Focusing on the Three C’s

When Andrew Witts from Cohort 3 (who works as a game designer for Ubisoft on the new Rainbow Six iteration) came to speak to our cohort, he emphasized the importance of the Three C’s in game design. What he noted is that the Three C’s compel designers to focus on the heart of a game. Without them, the player will become frustrated and lose interest in the game.

To get a better idea of what they entail and why they are important, the Three C’s regard a game’s Camera, Controls, and Character. The camera entails the degree by which the player is able to see the game world. Controls emphasize the degree to which the player is able to feel agency through the game’s controls. Lastly, the character regards the identification with the game’s avatar and thus the player’s connection to the game. What the Three C’s try to emphasize is that no matter how perfect everything else is in game, such as art style or maybe a compelling narrative, gamers’ enthusiasm for the game will wane if the Three C’s aren’t functioning properly. Therefore, if the game’s Three C’s are problematic, they will impede the experience and gamers will more likely discontinue playing the game.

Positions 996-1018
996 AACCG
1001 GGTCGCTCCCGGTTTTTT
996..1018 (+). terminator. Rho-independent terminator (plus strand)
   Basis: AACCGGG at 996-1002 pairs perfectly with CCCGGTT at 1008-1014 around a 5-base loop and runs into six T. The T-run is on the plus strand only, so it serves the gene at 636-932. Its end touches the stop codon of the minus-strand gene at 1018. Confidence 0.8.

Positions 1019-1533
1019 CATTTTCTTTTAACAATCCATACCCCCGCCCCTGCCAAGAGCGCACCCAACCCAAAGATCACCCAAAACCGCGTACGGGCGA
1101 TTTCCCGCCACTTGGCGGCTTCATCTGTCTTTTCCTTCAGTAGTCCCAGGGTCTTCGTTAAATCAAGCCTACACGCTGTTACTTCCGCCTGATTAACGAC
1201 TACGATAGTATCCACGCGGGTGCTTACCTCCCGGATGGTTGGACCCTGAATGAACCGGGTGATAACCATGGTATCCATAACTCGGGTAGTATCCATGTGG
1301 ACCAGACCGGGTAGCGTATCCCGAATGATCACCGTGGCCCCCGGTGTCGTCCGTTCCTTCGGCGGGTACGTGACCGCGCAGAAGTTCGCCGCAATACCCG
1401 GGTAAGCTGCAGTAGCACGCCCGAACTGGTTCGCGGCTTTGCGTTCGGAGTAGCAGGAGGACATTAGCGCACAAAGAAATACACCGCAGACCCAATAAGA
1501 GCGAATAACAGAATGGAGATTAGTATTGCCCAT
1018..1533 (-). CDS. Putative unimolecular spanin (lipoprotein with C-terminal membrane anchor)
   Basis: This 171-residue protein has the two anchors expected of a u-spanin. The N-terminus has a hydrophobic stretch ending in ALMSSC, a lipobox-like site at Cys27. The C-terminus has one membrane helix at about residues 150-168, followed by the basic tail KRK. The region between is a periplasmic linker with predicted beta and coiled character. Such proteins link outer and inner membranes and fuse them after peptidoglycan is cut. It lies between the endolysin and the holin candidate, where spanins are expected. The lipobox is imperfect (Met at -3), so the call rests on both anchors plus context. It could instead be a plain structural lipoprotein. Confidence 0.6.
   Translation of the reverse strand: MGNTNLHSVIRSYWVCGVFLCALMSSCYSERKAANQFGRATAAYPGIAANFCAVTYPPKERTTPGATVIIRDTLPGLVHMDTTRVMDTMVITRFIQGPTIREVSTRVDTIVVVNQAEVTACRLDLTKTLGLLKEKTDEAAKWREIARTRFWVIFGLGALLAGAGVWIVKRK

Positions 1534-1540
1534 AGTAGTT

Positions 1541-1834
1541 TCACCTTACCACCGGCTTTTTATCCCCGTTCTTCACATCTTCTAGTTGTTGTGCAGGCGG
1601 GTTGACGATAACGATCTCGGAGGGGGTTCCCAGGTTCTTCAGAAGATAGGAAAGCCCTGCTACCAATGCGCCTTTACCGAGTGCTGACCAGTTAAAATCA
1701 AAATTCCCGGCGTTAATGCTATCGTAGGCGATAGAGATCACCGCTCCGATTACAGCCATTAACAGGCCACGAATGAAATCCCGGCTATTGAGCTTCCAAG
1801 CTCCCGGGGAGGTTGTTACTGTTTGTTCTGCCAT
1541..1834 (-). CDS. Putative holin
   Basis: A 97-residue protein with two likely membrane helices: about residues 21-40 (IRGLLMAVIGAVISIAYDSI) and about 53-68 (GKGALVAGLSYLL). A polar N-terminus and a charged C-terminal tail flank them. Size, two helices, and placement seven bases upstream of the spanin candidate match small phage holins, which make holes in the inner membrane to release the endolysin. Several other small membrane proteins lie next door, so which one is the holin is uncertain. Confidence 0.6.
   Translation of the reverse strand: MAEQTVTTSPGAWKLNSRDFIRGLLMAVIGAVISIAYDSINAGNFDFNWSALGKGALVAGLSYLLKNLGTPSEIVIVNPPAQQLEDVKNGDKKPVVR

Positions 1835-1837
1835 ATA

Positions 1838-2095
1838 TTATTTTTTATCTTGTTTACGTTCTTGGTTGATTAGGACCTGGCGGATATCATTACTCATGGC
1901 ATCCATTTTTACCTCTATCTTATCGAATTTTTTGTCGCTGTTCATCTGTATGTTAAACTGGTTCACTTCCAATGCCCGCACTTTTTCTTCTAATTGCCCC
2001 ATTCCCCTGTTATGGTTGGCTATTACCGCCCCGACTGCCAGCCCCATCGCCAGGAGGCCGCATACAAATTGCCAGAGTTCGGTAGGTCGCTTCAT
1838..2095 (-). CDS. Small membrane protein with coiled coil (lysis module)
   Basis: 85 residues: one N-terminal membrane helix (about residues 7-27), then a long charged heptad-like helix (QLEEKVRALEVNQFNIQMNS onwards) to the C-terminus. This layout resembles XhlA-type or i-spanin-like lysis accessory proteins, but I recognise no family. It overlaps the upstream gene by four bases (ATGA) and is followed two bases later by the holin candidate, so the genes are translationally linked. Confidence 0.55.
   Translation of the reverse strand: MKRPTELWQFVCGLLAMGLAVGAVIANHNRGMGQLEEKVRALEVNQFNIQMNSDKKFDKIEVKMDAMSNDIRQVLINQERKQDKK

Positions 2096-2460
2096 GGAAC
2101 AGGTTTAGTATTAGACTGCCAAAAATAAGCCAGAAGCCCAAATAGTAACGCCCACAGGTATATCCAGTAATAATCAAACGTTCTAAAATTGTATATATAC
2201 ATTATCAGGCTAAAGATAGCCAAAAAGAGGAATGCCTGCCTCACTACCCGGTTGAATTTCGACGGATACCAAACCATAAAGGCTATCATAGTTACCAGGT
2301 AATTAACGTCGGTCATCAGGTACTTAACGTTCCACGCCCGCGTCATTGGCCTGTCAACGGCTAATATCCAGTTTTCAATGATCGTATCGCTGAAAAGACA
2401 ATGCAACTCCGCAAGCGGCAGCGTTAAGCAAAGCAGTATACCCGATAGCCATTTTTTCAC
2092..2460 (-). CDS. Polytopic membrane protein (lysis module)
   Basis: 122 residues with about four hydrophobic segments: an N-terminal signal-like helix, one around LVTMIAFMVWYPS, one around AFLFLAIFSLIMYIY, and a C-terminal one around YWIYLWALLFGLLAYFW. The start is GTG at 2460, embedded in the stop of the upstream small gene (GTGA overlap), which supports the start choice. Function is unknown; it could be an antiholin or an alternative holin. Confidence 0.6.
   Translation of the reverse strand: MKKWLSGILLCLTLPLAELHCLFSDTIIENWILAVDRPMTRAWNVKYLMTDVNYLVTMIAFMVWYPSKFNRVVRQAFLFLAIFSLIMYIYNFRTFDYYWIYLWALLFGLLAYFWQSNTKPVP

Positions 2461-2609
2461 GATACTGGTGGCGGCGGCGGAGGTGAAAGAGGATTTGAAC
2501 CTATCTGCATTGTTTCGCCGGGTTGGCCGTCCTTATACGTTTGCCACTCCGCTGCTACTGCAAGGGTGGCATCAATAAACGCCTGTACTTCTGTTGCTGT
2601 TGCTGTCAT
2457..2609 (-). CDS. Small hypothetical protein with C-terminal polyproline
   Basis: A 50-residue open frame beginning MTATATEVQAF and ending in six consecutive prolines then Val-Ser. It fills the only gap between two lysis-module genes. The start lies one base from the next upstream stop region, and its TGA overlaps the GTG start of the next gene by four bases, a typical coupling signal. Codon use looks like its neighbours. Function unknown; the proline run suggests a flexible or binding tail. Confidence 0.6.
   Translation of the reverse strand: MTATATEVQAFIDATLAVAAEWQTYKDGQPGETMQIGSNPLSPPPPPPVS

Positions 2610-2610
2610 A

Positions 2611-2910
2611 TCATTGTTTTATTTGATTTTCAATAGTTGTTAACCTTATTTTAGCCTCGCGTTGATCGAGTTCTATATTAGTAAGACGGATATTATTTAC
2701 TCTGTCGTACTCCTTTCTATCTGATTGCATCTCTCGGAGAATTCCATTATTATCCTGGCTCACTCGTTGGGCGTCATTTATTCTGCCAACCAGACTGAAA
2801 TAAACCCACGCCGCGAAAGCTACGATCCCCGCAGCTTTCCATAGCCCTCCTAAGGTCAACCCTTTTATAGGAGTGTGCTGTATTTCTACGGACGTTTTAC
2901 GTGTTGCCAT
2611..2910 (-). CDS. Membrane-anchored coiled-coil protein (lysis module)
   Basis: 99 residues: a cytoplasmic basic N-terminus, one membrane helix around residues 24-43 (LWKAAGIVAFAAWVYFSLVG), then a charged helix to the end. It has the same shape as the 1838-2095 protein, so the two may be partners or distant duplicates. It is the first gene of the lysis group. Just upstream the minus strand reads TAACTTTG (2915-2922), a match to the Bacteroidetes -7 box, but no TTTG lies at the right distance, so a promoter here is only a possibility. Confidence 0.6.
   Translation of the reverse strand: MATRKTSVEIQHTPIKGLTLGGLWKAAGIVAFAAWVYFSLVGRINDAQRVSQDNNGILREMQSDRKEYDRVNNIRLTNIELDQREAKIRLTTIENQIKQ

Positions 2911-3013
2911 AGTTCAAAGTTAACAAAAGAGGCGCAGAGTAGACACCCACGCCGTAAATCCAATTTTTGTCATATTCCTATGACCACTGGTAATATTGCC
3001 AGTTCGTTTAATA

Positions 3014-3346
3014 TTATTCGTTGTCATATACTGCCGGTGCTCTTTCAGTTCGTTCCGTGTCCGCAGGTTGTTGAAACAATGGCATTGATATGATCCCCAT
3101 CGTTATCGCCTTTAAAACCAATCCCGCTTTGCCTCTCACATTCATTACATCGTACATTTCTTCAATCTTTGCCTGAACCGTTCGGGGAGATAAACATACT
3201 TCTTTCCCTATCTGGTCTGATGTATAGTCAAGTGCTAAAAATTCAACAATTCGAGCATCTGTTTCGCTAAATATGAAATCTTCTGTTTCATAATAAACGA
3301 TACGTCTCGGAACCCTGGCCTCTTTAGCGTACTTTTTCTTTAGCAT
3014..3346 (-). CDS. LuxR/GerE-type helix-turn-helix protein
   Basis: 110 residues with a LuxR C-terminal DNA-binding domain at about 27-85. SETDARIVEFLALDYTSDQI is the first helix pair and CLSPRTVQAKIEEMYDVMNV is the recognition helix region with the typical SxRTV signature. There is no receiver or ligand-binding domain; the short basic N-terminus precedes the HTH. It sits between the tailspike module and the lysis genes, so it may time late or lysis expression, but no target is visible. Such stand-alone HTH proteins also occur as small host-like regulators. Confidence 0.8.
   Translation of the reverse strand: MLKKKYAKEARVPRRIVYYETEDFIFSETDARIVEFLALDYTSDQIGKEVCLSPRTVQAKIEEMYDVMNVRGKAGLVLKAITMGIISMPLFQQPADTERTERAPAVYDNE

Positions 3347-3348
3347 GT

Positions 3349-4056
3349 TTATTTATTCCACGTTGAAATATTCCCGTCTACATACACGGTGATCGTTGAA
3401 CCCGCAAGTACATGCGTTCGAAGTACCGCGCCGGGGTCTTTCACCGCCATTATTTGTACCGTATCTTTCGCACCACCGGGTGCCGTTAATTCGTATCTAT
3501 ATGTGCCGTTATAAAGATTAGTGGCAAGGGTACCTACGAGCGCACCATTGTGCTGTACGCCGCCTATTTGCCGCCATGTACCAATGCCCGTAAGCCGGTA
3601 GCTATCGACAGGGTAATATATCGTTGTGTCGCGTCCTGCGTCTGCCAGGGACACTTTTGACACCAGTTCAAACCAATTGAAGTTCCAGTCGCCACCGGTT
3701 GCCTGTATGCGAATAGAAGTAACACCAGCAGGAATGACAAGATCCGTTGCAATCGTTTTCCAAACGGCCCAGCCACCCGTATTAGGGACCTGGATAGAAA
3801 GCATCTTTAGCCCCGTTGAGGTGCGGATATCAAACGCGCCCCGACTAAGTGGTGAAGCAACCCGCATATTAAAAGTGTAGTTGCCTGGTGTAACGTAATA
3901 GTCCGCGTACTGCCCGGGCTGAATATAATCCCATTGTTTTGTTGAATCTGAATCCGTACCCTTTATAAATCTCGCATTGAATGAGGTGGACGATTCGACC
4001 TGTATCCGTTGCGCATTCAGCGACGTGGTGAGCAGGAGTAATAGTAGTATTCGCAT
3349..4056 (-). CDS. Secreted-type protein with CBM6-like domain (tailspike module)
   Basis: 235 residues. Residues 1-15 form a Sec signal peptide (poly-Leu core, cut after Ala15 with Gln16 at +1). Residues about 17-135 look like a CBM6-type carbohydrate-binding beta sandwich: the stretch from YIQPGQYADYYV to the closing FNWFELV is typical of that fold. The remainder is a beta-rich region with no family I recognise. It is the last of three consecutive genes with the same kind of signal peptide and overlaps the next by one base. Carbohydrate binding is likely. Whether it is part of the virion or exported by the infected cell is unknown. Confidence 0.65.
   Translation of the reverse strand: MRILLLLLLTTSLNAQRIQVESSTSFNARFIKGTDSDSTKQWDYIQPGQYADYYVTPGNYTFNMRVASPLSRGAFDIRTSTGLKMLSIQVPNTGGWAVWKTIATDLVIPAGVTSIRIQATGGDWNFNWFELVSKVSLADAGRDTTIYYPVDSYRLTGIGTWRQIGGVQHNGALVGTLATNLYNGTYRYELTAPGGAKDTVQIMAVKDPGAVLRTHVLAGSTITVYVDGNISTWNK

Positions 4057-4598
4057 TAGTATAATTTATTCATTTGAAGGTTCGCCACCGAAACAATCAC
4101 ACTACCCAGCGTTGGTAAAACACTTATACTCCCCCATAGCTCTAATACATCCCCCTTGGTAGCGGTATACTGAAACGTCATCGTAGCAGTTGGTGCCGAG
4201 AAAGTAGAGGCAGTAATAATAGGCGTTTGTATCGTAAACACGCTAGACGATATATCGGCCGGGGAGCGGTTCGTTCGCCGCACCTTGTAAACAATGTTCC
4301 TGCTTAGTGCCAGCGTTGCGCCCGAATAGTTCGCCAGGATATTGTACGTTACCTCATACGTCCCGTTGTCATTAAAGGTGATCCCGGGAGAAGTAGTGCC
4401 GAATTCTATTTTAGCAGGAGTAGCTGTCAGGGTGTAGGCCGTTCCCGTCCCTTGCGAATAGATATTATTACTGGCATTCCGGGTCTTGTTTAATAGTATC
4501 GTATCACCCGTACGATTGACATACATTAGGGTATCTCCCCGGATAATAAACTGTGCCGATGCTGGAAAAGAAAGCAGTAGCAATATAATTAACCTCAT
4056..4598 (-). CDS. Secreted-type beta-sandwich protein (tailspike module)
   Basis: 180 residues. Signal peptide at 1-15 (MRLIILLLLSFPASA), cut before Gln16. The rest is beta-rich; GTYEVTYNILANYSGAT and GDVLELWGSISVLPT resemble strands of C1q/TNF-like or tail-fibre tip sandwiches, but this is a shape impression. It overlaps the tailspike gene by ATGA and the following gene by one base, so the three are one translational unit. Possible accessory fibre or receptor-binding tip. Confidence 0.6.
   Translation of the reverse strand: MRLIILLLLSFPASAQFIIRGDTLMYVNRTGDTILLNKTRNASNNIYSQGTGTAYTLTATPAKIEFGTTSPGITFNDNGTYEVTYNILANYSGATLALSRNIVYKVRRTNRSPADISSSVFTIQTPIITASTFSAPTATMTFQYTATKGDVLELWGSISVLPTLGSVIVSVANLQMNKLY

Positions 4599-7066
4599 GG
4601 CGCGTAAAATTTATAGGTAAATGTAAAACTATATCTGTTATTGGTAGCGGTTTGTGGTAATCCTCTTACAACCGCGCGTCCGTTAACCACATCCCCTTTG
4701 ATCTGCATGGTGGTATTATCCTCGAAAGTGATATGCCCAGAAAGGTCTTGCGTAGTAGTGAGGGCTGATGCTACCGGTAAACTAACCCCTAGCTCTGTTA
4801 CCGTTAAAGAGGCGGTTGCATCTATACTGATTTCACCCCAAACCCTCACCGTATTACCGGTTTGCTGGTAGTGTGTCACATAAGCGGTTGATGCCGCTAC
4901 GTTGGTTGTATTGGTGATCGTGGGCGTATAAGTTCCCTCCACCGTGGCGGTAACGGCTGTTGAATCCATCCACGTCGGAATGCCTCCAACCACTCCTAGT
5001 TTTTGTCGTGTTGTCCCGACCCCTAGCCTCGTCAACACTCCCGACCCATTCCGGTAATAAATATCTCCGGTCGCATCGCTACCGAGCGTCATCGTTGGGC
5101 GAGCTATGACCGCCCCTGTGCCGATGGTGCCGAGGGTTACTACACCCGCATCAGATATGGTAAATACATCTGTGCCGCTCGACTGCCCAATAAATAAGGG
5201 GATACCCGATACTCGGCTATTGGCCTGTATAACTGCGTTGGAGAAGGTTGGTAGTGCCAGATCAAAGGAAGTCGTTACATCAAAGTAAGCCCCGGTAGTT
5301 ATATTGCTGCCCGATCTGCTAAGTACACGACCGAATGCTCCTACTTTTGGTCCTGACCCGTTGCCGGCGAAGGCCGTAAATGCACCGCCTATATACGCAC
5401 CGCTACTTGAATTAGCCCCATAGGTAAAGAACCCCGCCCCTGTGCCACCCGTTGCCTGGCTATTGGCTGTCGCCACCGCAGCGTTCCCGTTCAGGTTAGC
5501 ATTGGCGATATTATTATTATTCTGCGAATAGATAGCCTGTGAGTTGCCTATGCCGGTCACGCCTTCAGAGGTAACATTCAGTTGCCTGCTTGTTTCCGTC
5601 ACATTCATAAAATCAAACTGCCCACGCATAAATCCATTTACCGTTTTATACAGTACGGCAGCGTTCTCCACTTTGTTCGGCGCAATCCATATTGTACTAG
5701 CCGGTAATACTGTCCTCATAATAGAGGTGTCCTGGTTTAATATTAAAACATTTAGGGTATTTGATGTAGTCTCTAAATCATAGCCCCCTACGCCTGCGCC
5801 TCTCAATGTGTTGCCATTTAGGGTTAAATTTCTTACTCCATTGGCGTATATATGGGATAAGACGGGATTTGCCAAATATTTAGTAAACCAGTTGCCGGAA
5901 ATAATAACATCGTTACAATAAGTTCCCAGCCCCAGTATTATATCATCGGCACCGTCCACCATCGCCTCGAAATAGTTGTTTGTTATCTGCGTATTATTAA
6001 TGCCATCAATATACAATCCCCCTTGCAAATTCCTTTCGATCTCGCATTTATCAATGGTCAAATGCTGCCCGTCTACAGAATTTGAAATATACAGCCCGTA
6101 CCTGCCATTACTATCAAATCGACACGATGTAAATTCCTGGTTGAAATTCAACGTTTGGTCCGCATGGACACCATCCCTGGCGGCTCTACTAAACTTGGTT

Considering this, the Three C’s have been an important aspect for the creation of our game. It has been priority number one since the beginning of the semester. And unfortunately, since we have changed engines three times in the past nine months, two of the Three C’s have been a challenging getting them to behave as intended. Our game concisely is a third-person shooter. It involves the player traversing a rotating and dynamically changing environment fighting to control territory to attack the opposing player. Our game thus is dependent on a robust camera and control system. If the player doesn’t feel they have agency in our world, the player will quit playing our game no matter how the game looks or the mechanics behind the design.

Our controls and camera haven’t been realized just yet. When Andrew came weeks ago, when playing our game he noted how poorly our controls and camera movement felt. Even though he believes our game has potential to be an enjoyable experience, our controls and camera movement would hold gamers back from experiencing the fun behind our ideas. After speaking with Andrew, we made the Three C’s a priority to create a fun experience for the gamer.